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Related to internal audit: internal control
The process of reviewing business activities in-house to identify inefficiencies, reduce costs, and otherwise achieve organizational objectives. Internal audits may investigate potential theft or fraud and ensure compliance with applicable regulations and policies. They also assist in risk management. In a large company, especially a publicly traded one, internal auditing is conducted by a board independent from any management and answerable only to an audit committee, a subcommittee on the board of directors. The growth of internal audits accelerated following the 2002 passage of the Sarbanes-Oxley Act, which increased the accounting regulations for public companies.
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The examination of a company's records and reports by its employees. Internal audits are usually intended to prevent fraud and to ensure compliance with board directives and management policies. In contrast, the financial statements presented to stockholders are typically prepared by outside parties to ensure absolute objectivity. Compare external audit.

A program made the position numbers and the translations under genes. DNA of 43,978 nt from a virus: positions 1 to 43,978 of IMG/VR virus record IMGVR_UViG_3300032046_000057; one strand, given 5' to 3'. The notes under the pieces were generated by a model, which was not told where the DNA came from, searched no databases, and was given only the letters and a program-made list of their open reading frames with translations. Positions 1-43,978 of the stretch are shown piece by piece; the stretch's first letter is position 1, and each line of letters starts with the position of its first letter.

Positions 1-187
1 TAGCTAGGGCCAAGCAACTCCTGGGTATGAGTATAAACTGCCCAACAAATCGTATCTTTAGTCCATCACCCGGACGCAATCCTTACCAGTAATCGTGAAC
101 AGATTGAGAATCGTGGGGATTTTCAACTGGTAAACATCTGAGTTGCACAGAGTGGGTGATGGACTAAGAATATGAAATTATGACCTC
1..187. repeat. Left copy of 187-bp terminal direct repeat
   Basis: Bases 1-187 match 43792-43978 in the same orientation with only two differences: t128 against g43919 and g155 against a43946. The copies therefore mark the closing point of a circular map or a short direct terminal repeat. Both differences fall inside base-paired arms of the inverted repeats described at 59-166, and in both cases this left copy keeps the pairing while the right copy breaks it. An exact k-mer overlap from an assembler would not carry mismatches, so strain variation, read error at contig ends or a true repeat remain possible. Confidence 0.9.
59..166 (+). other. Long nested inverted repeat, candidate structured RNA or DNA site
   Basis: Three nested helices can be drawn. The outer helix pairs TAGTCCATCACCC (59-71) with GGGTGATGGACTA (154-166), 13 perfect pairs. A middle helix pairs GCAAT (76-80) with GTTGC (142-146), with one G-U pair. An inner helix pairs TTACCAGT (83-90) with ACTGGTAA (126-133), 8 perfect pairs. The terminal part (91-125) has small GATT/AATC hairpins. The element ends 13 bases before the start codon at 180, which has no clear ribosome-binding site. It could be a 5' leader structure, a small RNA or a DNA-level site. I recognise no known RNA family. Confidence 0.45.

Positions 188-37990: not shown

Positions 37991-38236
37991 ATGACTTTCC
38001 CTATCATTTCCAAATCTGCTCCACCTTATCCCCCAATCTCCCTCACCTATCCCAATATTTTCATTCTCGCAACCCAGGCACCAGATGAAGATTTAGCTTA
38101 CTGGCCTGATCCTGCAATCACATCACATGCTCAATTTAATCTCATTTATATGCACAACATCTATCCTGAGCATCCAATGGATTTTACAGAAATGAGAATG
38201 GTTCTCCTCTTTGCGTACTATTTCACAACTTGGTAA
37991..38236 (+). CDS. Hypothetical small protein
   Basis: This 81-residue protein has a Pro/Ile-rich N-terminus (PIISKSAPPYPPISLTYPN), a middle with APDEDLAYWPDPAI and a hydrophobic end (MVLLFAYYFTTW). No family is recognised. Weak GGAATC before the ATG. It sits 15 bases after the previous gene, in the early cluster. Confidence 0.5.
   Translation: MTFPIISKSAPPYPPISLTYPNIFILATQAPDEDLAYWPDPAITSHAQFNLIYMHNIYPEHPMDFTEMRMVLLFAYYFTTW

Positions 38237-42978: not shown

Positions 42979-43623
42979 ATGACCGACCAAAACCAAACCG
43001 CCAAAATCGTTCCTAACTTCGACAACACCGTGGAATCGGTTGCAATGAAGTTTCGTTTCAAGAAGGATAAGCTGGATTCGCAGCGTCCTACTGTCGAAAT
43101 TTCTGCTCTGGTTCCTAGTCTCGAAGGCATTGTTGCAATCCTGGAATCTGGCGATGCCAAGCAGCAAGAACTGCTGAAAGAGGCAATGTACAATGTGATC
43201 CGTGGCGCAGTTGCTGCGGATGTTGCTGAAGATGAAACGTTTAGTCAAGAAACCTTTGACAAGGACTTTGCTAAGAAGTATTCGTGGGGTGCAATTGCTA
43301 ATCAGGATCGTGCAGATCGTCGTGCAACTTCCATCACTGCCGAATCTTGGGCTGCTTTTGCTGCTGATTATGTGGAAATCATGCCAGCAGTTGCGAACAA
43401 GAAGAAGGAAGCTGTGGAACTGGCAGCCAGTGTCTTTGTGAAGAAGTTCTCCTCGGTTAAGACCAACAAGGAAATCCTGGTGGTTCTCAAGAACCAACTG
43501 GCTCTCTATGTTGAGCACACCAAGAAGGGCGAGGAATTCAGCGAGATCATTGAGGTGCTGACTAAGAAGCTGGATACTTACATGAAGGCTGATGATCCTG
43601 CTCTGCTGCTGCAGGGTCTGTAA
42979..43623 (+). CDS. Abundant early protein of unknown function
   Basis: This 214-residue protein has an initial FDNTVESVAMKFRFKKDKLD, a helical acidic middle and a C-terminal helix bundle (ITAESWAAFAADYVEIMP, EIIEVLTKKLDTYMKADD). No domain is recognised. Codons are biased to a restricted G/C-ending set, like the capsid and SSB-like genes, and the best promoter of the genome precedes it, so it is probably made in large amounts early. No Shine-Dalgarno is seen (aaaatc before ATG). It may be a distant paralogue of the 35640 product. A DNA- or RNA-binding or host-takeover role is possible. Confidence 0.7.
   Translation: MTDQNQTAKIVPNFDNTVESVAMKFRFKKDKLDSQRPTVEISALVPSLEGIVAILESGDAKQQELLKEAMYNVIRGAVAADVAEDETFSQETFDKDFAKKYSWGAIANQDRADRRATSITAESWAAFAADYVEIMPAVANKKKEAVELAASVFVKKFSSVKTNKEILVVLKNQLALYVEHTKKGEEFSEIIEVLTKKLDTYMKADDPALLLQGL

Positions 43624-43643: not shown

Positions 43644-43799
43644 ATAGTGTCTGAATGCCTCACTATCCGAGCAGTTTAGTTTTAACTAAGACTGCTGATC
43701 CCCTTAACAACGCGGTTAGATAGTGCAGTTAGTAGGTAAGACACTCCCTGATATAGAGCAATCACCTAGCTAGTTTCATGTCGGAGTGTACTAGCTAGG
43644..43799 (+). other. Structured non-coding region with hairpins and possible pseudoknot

Wall Street Words: An A to Z Guide to Investment Terms for Today's Investor by David L. Scott. Copyright © 2003 by Houghton Mifflin Company. Published by Houghton Mifflin Company. All rights reserved. All rights reserved.
internal auditsee AUDIT.
Collins Dictionary of Business, 3rd ed. © 2002, 2005 C Pass, B Lowes, A Pendleton, L Chadwick, D O’Reilly and M Afferson